Hipster shaming… I’m over it.


In Nashville, everyone is pretty particular about their music. People here pride themselves on knowing all about the up and coming talents before anyone else.

I mean, this is Music City, and in general, the population has a good ear to spot a hit before most of the nation. With that knack for as-yet-undiscovered, there’s this taboo about other music (or other lifestyle choices in general, honestly) being “too mainstream.” The voice of the hipster nation is something like this: Oh, you listen to Taylor Swift? Whatever, you’re just a bandwagon fan. You like One Direction? Ugh, no. Top 40 radio? It all sounds the same, how can you stand that?

It’s become less about whether you actually enjoy listening to the music, and more about whether you’re hip enough to know the music before it gets popular. I’m serious. It makes me so hesitant to admit loving an artist who might be “too mainstream.” I DEFINITELY can’t let people know that I’ve never listened to a song by (insert unknown hipster band name here) in my life… I would be labeled a Nashville outsider for not knowing the artists who fly under the “widely popular” radar.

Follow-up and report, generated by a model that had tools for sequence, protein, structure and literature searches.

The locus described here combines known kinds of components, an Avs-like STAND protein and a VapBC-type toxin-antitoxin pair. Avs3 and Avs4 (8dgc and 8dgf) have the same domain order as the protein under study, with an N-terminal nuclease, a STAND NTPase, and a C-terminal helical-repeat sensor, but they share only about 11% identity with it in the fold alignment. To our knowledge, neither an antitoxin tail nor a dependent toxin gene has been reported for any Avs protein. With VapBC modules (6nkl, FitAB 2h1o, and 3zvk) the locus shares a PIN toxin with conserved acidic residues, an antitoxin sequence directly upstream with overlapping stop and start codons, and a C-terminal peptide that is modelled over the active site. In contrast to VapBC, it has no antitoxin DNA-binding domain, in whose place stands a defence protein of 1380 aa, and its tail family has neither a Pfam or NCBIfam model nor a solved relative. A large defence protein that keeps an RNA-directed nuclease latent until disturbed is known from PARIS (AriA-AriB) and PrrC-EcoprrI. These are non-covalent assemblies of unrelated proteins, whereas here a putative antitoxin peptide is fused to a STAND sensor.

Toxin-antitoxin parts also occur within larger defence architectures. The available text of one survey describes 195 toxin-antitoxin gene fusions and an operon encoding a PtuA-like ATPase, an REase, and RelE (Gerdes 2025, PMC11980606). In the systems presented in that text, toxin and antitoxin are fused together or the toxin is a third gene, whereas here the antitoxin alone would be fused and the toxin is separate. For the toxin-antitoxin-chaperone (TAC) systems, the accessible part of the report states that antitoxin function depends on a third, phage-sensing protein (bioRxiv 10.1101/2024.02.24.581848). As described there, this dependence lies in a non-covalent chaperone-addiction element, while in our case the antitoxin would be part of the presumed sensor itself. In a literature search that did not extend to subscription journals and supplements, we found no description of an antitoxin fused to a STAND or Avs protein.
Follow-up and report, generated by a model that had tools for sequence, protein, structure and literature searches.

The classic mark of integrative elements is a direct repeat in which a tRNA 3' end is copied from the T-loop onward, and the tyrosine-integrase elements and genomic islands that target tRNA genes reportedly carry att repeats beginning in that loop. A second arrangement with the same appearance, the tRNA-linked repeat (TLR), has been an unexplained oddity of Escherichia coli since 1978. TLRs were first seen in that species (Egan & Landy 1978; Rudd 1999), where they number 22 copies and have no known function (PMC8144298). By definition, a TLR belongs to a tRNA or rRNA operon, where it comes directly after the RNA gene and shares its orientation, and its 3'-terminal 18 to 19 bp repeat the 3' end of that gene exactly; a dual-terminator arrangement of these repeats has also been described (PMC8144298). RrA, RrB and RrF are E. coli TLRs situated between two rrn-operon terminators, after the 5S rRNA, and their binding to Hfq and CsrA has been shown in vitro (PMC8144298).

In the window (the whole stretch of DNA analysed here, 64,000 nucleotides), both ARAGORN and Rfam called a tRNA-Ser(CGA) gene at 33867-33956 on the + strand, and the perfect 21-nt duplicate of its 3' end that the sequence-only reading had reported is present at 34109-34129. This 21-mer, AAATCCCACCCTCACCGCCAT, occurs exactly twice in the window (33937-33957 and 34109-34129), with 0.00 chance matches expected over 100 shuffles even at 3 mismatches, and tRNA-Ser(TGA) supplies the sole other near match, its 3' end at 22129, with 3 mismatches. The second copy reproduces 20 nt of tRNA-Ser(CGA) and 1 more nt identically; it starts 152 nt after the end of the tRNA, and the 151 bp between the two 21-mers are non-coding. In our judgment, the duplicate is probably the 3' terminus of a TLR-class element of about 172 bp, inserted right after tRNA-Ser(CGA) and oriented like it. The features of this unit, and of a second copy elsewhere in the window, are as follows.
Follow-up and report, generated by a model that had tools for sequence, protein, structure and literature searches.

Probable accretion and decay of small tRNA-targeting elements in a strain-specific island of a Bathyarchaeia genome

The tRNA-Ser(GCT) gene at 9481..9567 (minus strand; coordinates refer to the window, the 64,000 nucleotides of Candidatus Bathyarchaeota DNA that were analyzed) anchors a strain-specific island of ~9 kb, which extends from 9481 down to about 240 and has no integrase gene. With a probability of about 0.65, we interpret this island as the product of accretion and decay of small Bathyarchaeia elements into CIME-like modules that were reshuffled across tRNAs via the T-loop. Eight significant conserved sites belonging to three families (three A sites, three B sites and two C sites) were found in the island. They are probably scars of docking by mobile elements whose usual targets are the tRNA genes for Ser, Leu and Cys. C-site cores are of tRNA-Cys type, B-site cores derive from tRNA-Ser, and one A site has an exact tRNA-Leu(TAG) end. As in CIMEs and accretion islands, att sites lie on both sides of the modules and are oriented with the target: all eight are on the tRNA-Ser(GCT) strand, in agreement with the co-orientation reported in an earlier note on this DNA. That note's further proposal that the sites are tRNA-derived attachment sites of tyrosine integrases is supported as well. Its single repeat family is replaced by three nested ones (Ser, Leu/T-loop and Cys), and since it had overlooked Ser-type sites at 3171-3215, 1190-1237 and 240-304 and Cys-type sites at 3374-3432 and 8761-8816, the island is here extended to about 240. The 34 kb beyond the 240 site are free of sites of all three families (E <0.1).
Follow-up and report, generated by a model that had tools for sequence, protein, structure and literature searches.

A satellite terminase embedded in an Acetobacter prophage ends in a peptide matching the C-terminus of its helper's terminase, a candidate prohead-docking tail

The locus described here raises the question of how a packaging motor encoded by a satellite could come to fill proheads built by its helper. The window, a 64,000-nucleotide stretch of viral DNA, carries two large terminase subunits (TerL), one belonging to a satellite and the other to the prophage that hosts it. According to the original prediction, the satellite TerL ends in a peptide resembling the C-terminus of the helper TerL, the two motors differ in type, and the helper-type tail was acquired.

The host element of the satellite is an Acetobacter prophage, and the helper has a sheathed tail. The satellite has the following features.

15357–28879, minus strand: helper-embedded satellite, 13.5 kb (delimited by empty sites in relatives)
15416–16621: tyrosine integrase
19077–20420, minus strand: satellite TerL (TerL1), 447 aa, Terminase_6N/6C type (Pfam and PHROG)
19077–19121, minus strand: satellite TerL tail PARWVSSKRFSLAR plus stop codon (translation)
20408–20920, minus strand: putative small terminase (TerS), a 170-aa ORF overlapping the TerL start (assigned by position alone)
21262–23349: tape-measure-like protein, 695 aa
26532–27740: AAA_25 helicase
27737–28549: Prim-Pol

But that’s ridiculous. And flawed. And just outright stupid.

Let me walk you through my Thursday night.

I’m driving home from an evening class with the radio on, just scanning through and stopping on whatever sounds good. I pause on a poppy song, and I’m bopping along, just loving it. I mean, I’m really into this song. Doing some dance moves, bobbing my head– I’m thoroughly enjoying myself. I pulled out my trusty friend Shazam to see who it was, because, hello, this needs to go on my October playlist, y’all.